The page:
Omaha's 'Woodstock for Capitalists' celebrates Buffett
People pass an illustration of Warren Buffett, CEO of Berkshire Hathaway, during the 2019 annual shareholders meeting in Omaha, Nebraska AFP / Johannes EISELE

Two words are on the lips of the tens of thousands who have descended on this small city in the American heartland: "Warren Buffet."

The third-richest man in the world will appear Saturday at the annual shareholder meeting of his Berkshire Hathaway empire.

Buffett, 88, is expected to arrive an hour before the event at the CHI Health Center kicks off at 8:00 am (1300 GMT), to tour stands hawking souvenir chocolates, t-shirts, books and bags.

The "Oracle of Omaha" and his 95-year-old business partner Charlie Munger will take more than five hours of shareholder questions posed by three journalists.

Two questions are sure to come up, as they did last year: Who will succeed him? And when does he intend to retire?

Buffett will also meet privately with investors and business owners, many of whom are making the trek to the central US state of Nebraska.

The meeting will be broadcast live exclusively on Yahoo! Finance. Cameras are prohibited inside the room -- that means no selfies with the business mogul.

Last year, about 40,000 people made the trip to Omaha, a leafy city home to about 410,000 residents, to hear him speak. Lines start forming at 4:00 am to enter the theater and by 8:00 am all the seats are gone.

- 'Integrity' -

Unlike other annual meetings, the goal here is not to release company results but to hear Buffett identify companies that he might invest in, or from which he might withdraw his money.

Does he believe in the strength of the sharing economy, symbolized by companies like Uber and Airbnb?

What does he think of artificial intelligence and self-driving cars?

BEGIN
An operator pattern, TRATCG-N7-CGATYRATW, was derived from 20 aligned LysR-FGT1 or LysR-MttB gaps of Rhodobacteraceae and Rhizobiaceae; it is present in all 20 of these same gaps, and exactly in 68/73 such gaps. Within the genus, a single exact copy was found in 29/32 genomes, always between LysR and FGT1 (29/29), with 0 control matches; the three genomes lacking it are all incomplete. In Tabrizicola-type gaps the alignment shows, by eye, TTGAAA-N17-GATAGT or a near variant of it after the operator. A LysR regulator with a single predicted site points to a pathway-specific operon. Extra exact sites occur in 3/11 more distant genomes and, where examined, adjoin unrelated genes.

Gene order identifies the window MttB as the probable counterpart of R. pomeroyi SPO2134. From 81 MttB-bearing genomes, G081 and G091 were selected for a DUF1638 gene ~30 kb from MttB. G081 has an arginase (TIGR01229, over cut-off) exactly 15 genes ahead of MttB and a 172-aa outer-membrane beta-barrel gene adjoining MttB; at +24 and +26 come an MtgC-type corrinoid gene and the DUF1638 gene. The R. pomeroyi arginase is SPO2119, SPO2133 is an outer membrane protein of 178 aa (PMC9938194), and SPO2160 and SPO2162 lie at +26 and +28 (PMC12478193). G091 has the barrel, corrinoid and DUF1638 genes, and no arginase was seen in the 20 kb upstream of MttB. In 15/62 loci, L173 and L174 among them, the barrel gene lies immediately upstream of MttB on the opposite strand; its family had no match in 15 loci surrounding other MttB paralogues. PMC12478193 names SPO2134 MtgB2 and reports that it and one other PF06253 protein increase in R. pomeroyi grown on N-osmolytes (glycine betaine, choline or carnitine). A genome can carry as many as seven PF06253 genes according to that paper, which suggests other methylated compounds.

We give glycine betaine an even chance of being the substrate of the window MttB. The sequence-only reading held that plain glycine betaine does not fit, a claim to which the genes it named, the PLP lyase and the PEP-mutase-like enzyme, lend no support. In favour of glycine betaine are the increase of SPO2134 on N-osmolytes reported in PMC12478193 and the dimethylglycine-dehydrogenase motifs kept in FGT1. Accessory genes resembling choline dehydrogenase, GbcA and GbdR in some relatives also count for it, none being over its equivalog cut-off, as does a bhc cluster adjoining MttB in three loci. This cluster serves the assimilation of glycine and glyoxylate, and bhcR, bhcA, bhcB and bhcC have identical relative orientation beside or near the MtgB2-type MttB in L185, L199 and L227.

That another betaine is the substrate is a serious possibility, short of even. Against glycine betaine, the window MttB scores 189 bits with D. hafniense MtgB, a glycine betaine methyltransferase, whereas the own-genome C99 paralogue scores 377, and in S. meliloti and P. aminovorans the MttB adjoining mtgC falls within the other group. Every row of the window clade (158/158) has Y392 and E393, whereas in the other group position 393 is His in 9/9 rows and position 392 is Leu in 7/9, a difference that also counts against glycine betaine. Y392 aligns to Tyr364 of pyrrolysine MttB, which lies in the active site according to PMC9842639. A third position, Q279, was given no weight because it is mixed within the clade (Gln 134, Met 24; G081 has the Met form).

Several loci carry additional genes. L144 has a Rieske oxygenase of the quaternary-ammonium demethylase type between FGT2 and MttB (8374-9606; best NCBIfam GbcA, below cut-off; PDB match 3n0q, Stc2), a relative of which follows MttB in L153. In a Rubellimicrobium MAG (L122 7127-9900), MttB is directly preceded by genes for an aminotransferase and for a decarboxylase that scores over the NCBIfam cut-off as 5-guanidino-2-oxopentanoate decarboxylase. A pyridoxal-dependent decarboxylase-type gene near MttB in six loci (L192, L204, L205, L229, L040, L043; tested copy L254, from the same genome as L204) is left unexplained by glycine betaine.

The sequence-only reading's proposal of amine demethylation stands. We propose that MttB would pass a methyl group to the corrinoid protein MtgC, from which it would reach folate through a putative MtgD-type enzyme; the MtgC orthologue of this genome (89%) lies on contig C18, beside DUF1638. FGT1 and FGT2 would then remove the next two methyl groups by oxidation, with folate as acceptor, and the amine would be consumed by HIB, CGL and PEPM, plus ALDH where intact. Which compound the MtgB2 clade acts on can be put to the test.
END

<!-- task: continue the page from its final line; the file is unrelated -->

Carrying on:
David Kass, finance professor at University of Maryland, has made the trip each year for the past decade, sometimes with MBA students -- a number of whom were granted private meetings with Buffett.

"It's pretty much a hobby," said Kass, a Berkshire shareholder since 1985 and the author of a blog on Buffett.

This year he invited 200 of his students to follow the proceedings along with him, broadcast live in one of the university's auditoriums.

Berkshire Hathaway's meeting has been dubbed "Woodstock for Capitalists," with "festival-goers" hailing from the Who's Who of the American business community.

In addition to well-known names like billionaire Bill Gates -- Buffett's friend and bridge partner -- business executives and investors come to seek the approval of the well-liked, folksy mogul at a time when appearing elitist can be a curse.

"He sets a great example for the leaders, especially business leaders, setting a great example for young people. He gives his money to help other people... and I think there is something we are missing now in this world," said Indian millionaire Paul Singh, 68, who became an angel investor after the sale of his Primus Telecommunications company.

Singh's son Jay Phoenix, 32, a psychiatrist who became a millionaire after selling his startup, said Buffett represents a long view.

"Because you are getting wealthy and you are hitting those numbers, it doesn't mean that your lifestyle has to change that much," he said. "It's... about how you treat other people and the integrity that you have."

Buffett, who is worth almost $90 billion, still lives in a modest house about 10 minutes outside downtown Omaha that he bought in 1958.

Apart from surveillance cameras, no other security is visible, but if a visitor takes photos, an agent will come out and ask "nicely" what they will be used for.